When the data block is fully expanded in memory, Essbase uses 64 bytes (8 bytes * 8 cells). When the data is stored uncompressed on disk, Essbase uses 24 bytes (8 bytes * 3 cells with data—cells 1, 6, 7).

When the data is stored compressed on disk, Essbase uses 56 bytes:

  • Cell 1—8 bytes

  • Cells 2-5—24 bytes (8 bytes + 16 bytes)

  • Cell 6—8 bytes

  • Cell 7—8 bytes

  • Cell 8—8 bytes

Essbase also uses a 72-byte block header for each block, whether or not the block is compressed.

zlib Compression

This method is used in packages such as PNG, Zip, and gzip. Calculation and data loading are faster with direct I/O and zlib compression than with buffered I/O and zlib compression. If data storage is your greatest limiting factor, use zlib, but be aware that, under some circumstances, data loads may be up to 10% slower than bitmap compression. The size of the database, however, is generally significantly smaller when you use zlib compression.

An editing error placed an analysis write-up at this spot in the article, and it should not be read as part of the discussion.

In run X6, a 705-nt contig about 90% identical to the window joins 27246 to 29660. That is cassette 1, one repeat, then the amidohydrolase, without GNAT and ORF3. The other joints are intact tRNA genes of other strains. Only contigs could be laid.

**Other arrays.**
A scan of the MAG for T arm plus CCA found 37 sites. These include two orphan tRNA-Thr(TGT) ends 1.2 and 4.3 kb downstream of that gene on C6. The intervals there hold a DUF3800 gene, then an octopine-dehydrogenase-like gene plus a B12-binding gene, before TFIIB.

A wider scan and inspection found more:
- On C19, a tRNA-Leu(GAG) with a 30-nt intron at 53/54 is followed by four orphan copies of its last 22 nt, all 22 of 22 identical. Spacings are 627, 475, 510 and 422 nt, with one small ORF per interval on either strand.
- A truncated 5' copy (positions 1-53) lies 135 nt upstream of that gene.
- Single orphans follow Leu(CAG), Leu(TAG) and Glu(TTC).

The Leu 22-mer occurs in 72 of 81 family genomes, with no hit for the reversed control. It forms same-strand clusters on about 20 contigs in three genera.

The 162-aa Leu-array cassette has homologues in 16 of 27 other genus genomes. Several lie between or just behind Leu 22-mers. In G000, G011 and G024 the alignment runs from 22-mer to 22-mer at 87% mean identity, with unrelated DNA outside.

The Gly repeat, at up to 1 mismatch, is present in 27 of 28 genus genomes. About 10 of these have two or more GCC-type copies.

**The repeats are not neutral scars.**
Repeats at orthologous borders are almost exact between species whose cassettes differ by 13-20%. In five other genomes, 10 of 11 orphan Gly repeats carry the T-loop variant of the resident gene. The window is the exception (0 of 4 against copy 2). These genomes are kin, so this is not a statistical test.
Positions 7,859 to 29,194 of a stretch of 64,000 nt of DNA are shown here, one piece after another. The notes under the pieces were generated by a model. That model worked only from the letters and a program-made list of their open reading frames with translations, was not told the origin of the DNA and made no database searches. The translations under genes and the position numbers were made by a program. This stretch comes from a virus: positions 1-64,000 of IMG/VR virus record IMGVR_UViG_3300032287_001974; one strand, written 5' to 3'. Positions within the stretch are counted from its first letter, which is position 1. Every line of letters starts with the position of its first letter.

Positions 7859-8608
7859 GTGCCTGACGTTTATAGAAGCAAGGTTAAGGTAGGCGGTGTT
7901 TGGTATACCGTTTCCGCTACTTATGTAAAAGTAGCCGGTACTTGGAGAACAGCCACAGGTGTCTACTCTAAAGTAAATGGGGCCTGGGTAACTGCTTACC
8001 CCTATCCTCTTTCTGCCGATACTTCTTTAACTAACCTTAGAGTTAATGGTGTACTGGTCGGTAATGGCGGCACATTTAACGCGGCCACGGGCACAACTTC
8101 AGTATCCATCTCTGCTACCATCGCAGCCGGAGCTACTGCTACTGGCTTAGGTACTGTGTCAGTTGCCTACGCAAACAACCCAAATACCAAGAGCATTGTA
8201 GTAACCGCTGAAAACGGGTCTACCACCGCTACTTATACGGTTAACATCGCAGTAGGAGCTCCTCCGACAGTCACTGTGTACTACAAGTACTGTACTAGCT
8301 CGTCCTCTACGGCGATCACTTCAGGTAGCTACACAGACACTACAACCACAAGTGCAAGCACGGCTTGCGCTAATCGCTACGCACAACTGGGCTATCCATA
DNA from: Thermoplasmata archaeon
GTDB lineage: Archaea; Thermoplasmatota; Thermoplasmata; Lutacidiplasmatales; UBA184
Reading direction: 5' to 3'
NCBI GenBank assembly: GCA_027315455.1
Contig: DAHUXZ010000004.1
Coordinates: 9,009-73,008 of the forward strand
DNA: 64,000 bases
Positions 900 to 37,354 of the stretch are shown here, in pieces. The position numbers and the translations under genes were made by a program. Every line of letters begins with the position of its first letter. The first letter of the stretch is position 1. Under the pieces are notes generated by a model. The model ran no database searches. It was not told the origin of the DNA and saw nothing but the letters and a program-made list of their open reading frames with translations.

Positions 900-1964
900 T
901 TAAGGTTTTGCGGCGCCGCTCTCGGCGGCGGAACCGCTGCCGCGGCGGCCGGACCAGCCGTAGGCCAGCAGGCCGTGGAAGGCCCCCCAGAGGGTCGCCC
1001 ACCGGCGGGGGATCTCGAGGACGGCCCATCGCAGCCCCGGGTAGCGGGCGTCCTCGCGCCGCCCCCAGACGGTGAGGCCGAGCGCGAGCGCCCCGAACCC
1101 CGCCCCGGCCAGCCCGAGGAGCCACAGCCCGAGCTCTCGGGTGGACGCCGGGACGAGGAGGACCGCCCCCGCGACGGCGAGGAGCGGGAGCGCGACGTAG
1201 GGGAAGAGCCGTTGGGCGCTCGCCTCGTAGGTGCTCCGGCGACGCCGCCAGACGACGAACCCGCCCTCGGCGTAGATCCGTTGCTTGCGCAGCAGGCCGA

In contrast to bitmap compression, which uses an algorithm to track which values are missing and does not interact with any other type of data, zlib compression builds a data dictionary based on the actual data being compressed (including any missing values). Therefore, zlib compression should provide greater compression ratios over bitmap compression, given extremely dense data. However, because the effectiveness of the zlib algorithm is dependent (at the bit level) on the actual data being compressed, general guidelines about when zlib compression provides greater compression than bitmap compression based solely on density are not available. Unlike other compression methods, the storage space saved has little or no relationship to the number of missing cells or the number of contiguous cells of equal value. Generally, the more dense or heterogeneous the data is, the better zlib will compress it in comparison to bitmap or RLE compression. However, under some circumstances, it is possible that zlib will not yield better results than using bitmap or RLE compression. It is best to test with a representative data sample.